I have a sequel to my article on the competitive landscape of the corn ethanol industry up today on Alt Energy Stocks. In it, I discuss insights I gained from a talk by Mark Wong, President and CEO of Renwable Agricultural Energy, a private corn ethanol producer.
Archive for June, 2007
Here’s an article by Davis Freeberg it because it confirms my thoughts about stockpicking… if you find out about a company because of an ad, you’re probably best staying away. A healthy dose of suspicion is worth it’s weight in gold.
No AltEnergyStocks column this week… I’m trying to dig myself out after coming back from vacation. But I did catch up with my Economist reading… they now have an audio version (free to subscribers) which is great for long drives.
But the folks at Alt Energy Stocks published a general overview of how to get into renewable energy investing I wrote last week.
I mentioned on Saturday that I had gotten some ideas which I planned to use in testimony before the Colorado Public Utilities Commission Least Cost Plan.
Yesterday, I ran my ideas by my friend Morey Wolfson, who is currently serving as head of the utilities program at the Govenor’s Energy Office. Like many members of the local energy advocacy community, Morey was recently tapped by Governor Ritter to help jumpstart Colorado’s New Energy Economy.
I hit the jackpot by talking to Morey, because he turned me on to the work of Shimon Awerbuch, who has been thinking along these lines for years. I’ve just read the first couple pages of his working paper Applying Portfolio Theory to EU Electricity Planning and Policy Making and I’m confident that he’s done a lot of the hard work for me. Here’s one great quote:
Least Cost procedures are roughly analogous to trying to identify yesterday’s single best performing stock and investing in it exclusively for the next 30 years. Clearly, modern finance theory offers better tools.
So what’s the big deal?
I almost forgot to say why this is such a big deal: According to Awerbuch and me, renewable energy and energy efficiency projects deserve a lower discount rate than conventional generation when projects are being evaluated, due to the fact that their costs have low (or even negative, in the case of solar) correlation with electricity prices in general. To use the stock valuation metaphor again, renewable resources are like low and negative beta stocks: the benefits in reduced risk to your portfolio justify paying a higher price for the same level of earnings or dividends.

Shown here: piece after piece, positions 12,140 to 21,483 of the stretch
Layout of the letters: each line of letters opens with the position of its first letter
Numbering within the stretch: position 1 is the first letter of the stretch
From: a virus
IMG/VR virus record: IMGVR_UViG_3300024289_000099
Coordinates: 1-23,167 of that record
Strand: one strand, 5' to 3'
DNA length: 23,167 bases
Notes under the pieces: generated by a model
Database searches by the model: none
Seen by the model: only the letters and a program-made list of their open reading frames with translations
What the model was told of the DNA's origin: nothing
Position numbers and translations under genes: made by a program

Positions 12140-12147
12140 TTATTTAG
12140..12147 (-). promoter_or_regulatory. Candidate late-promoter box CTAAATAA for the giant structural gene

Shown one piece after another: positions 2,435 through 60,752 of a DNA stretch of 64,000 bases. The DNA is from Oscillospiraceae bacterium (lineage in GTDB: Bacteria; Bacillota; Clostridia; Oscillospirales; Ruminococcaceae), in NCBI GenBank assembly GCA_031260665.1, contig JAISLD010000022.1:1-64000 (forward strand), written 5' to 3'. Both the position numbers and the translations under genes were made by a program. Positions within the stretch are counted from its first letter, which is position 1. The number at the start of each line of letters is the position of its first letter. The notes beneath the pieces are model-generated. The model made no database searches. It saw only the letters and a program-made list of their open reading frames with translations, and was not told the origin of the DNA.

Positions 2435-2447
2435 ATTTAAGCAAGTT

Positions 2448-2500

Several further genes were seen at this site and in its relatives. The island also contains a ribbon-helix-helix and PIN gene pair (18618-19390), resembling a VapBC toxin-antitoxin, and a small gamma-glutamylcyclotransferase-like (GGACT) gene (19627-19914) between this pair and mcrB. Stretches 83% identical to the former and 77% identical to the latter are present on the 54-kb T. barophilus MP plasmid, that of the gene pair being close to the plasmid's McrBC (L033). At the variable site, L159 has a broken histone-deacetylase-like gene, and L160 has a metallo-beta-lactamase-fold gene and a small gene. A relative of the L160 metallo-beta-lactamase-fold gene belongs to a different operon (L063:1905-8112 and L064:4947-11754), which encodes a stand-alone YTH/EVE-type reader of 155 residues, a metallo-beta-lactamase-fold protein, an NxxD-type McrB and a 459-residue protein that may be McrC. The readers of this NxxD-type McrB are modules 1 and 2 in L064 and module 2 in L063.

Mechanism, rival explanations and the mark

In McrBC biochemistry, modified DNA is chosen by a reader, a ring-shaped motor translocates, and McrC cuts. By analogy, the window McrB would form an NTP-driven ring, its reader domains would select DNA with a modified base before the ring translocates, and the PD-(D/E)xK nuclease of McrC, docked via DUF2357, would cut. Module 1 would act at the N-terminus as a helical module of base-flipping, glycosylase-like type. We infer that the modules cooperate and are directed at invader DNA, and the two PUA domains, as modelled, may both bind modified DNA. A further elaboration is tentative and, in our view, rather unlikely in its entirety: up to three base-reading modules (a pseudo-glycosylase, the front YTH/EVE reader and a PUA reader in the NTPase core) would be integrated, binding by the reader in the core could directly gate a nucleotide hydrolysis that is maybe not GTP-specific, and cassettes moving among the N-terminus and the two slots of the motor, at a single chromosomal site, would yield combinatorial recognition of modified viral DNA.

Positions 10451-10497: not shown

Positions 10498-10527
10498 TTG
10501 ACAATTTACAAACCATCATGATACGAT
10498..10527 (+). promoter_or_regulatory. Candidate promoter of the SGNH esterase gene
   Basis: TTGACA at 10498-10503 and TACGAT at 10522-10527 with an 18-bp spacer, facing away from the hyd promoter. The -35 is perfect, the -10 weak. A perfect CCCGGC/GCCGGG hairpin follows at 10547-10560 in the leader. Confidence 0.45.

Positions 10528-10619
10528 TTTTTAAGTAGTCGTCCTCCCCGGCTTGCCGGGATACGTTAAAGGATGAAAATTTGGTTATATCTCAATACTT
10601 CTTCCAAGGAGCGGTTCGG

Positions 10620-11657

What this means when evaluating utility projects is that the typically relatively high up-front costs of renewable energy resources do not have to be justified solely by their lower operating costs, but it gives a methodology for taking into account the benefits of reduced risk. This is something that renewable energy advocates have been arguing for a long time. The relatively new part is this gives us a way to quantify those benefits, and utility commissions are very fond of numbers to back up thier decisions.
This week’s AltEnergy Stocks column is about the recent, and well deserved attention the LED stocks are getting, especially one of my long-time facorites, Cree, Inc. (A stock I and many of my clients own a lot of.)
I think (and hope) that this is the beginning of a new trend of the market starting to recognize that Energy Efficiency technologies, such as LEDs are the first step to reducing our carbon footprint. If you think so too, I have a few suggestions in the column of stocks that might benefit (as well as Cree, which may have a lot farther to run.)
10. Free T-Shirt from Schweser (They were handing them out as we left the testing site.)
9. Got to use my short-cut for multi-stage dividend discount
model valuation problems. (I admit, I’m a math geek.)
8. Time to catch up on my reading.
7. Going vacation to Glacier National Park in 9 days (after the Colorado
Renewable Energy Conference)
6. More time to blog.
5. New ideas for articles.
4. I got some ideas on good arguments I intend to use that renewable energy
projects deserve to be evaluated at a lower discount rate in the next Least Cost
Plan at the Colorado Public Utilities Commission.
3. Don’t need to study for the next one ’til 2008.
2. Ethanol (not the type they put in cars.)
1. I think I passed (actual results don’t come out until August).